When Paul Ryan became House Speaker a few weeks ago, he made it clear that he has no intention of spending too much time in Washington. His wife and children are in Wisconsin, he pointed out, and he plans to commute, as he’s done since he got elected to Congress. “I just work here,” he told CNN, “I don’t live here.”
You can understand why President Obama and congressional leaders on both sides of the aisle sought to cast their end-of-October budget deal in the best possible light. They avoided a potentially catastrophic national default. They reduced the possibility of a government shutdown. And they raised the debt ceiling until March, 2017, taking that bargaining chip off the table until the next president is in the White House.
With a presidential election year fast approaching, we’re in for a lot of public talk about the state of American democracy. Much of that discussion will be insightful and thought-provoking, but there’s a good chance you’ll also find a lot of it vague and hard to pin down.
A couple of months ago, the Congressional Budget Office issued a sobering report on the U.S. economy’s long-term prospects. Not to put too fine a point on it, we’re headed for the fiscal rocks.
The campaigning for next year’s elections is starting to draw more attention, and with it comes a focus on voters and their mood. Which is all well and good, but it leaves out of the equation one large bloc of citizens: people who are eligible to vote, but don’t.
The most important function Congress serves is to debate and pass the federal budget. I know— it also levies taxes, imposes or relaxes regulations, and once in a while nudges our social, economic or political order in a meaningful way. But the budget tells the government what to do and makes it possible to do it. Everything else follows from that.
Before the ins and outs of the 2016 presidential contest become a preoccupation for many of us, it seems a good time to step back and look at the office of the presidency for which so many candidates are vying. The presidency inherited by whoever wins next November will be substantially changed from the position his or her predecessors occupied a few decades ago.
The presidential election is 16 months away, but already we’re smack in the middle of the usual media scrum of campaign coverage, prognostication, and strategizing by many of us who have nothing much to do with the real campaigns. I’ve been following the rhetoric of both parties, and there are a few points that stand out enough to tell us something about what we have to look forward to.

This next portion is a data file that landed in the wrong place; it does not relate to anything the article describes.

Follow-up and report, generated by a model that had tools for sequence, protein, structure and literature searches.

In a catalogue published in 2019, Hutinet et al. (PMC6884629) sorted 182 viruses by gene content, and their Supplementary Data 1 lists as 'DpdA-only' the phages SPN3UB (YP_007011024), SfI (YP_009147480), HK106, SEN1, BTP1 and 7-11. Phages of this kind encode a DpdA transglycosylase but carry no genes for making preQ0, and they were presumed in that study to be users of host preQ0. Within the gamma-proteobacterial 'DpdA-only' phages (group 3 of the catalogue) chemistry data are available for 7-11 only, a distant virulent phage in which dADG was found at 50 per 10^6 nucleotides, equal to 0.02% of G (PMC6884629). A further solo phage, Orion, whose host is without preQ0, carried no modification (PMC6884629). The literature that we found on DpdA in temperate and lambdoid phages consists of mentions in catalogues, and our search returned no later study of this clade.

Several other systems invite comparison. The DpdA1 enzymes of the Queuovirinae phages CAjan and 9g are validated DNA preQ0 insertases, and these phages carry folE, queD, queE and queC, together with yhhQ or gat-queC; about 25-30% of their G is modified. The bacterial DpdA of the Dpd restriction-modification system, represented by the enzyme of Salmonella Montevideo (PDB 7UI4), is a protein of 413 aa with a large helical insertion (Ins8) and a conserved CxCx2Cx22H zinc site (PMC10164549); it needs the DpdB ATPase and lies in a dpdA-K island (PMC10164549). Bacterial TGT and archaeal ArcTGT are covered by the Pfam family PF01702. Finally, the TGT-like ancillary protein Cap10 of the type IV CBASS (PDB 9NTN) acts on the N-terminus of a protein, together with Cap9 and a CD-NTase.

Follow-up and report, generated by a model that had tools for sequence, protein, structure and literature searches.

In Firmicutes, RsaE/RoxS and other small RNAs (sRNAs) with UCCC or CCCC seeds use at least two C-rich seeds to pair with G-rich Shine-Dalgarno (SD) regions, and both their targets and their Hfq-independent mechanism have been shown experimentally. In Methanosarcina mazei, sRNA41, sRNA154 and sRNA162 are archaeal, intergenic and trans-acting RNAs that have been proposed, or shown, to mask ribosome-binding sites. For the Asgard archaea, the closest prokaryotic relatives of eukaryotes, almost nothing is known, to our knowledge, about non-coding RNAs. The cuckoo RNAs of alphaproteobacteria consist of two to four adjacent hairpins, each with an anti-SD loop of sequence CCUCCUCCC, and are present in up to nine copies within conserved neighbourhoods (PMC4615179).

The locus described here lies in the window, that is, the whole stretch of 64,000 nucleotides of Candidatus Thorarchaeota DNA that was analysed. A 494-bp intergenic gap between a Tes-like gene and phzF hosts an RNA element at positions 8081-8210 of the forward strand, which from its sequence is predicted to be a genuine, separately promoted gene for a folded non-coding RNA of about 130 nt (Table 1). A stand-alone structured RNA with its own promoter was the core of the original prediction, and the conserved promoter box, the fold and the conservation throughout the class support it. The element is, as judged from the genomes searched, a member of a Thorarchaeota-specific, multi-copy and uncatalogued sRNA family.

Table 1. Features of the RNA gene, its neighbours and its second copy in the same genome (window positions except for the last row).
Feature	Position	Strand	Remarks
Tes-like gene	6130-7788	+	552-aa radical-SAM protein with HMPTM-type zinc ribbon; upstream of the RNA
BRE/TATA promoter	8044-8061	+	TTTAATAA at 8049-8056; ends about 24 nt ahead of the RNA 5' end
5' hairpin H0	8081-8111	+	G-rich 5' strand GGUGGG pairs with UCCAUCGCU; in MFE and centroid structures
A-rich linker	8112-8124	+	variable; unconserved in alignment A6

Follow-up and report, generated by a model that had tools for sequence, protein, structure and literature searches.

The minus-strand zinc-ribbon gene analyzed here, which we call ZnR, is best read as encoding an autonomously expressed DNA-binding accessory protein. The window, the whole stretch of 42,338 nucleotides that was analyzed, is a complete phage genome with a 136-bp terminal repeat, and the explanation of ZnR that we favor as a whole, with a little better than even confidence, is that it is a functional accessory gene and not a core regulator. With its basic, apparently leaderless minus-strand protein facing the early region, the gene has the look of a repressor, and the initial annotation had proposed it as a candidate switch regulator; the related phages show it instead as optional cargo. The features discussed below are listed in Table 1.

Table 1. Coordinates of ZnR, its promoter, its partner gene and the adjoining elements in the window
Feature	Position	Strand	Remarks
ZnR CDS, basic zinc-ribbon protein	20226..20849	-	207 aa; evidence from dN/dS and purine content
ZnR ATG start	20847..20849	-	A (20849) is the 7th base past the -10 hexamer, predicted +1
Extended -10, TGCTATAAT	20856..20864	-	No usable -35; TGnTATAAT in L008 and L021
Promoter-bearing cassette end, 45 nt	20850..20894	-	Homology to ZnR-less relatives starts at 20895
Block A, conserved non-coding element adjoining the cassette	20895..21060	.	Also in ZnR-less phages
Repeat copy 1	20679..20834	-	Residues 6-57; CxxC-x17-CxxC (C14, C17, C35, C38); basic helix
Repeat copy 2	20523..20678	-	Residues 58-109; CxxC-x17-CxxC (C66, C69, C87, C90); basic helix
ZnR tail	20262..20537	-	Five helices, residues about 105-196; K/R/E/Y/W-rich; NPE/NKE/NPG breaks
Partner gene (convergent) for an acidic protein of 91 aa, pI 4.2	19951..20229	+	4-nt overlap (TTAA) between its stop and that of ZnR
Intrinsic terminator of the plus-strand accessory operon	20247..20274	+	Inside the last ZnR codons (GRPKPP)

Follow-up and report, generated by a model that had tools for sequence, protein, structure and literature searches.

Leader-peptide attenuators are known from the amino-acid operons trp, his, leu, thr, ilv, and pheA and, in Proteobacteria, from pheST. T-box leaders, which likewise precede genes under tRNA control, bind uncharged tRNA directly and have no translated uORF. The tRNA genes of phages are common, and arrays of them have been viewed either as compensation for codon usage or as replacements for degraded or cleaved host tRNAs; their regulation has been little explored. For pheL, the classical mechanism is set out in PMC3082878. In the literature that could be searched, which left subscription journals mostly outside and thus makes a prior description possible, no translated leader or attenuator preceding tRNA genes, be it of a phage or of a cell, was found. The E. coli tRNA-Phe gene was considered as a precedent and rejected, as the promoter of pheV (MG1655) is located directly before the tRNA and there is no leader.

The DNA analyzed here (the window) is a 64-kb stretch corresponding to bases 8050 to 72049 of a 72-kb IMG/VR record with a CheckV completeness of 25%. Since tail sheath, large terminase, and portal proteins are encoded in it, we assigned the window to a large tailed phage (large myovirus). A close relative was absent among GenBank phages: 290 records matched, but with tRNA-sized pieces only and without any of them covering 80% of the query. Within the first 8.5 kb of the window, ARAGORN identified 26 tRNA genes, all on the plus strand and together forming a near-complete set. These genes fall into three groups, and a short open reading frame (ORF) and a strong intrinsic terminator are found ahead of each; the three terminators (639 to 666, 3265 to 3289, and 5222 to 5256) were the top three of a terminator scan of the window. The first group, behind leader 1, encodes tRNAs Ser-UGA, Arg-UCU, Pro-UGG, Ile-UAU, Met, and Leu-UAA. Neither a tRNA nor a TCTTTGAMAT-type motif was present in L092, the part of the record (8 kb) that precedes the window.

Members of Congress get categorized in all sorts of ways. They’re liberal or conservative; Republican or Democrat; interested in domestic affairs or specialists in foreign policy.
I spend a fair amount of time talking to students and other young people about Congress and politics in general, and I’ve noticed something. It used to be that I’d regularly get asked how one runs for office. Nowadays, I rarely do.
A few weeks ago, Sen. Tim Kaine of Virginia made a small splash in the press when he took Congress to task for failing to authorize our nation’s ongoing war against Islamic militants. “The silence of Congress in the midst of this war is cowardly and shameful,” he said. “[T]his Congress, the very body that is so quick to argue against President Obama’s use of executive power... allows an executive war to go on undeclared, unapproved, undefined and unchecked.”
There have been encouraging signs on Capitol Hill of late that Congress’s long slide into irrelevance may be slowing.
I’ve seen a lot over my decades in politics, and not much alarms me. But I have to be blunt: Money is poisoning our political system.
I have been involved in politics and policy-making for over 50 years, and as you can imagine I hold strong feelings about reporters and the media. They’re not what you might think, however.
Congress has developed a fondness for open letters when it comes to Iran. First came the warning shot signed by 47 Republican senators that touched off a storm of criticism. Not to be outdone, the House checked in with its own bipartisan and more diplomatically stated letter to the President, warning that its members must be satisfied with any agreement before they’ll vote to reduce sanctions.
After Congress came a hair’s breadth from shutting down the Department of Homeland Security a few weeks ago, members of the leadership tried to reassure the American people. “We’re certainly not going to shut down the government or default on the national debt,” Senate Majority Leader Mitch McConnell declared on CBS’s “Face the Nation.” Congress, he said, would not lurch from crisis to crisis.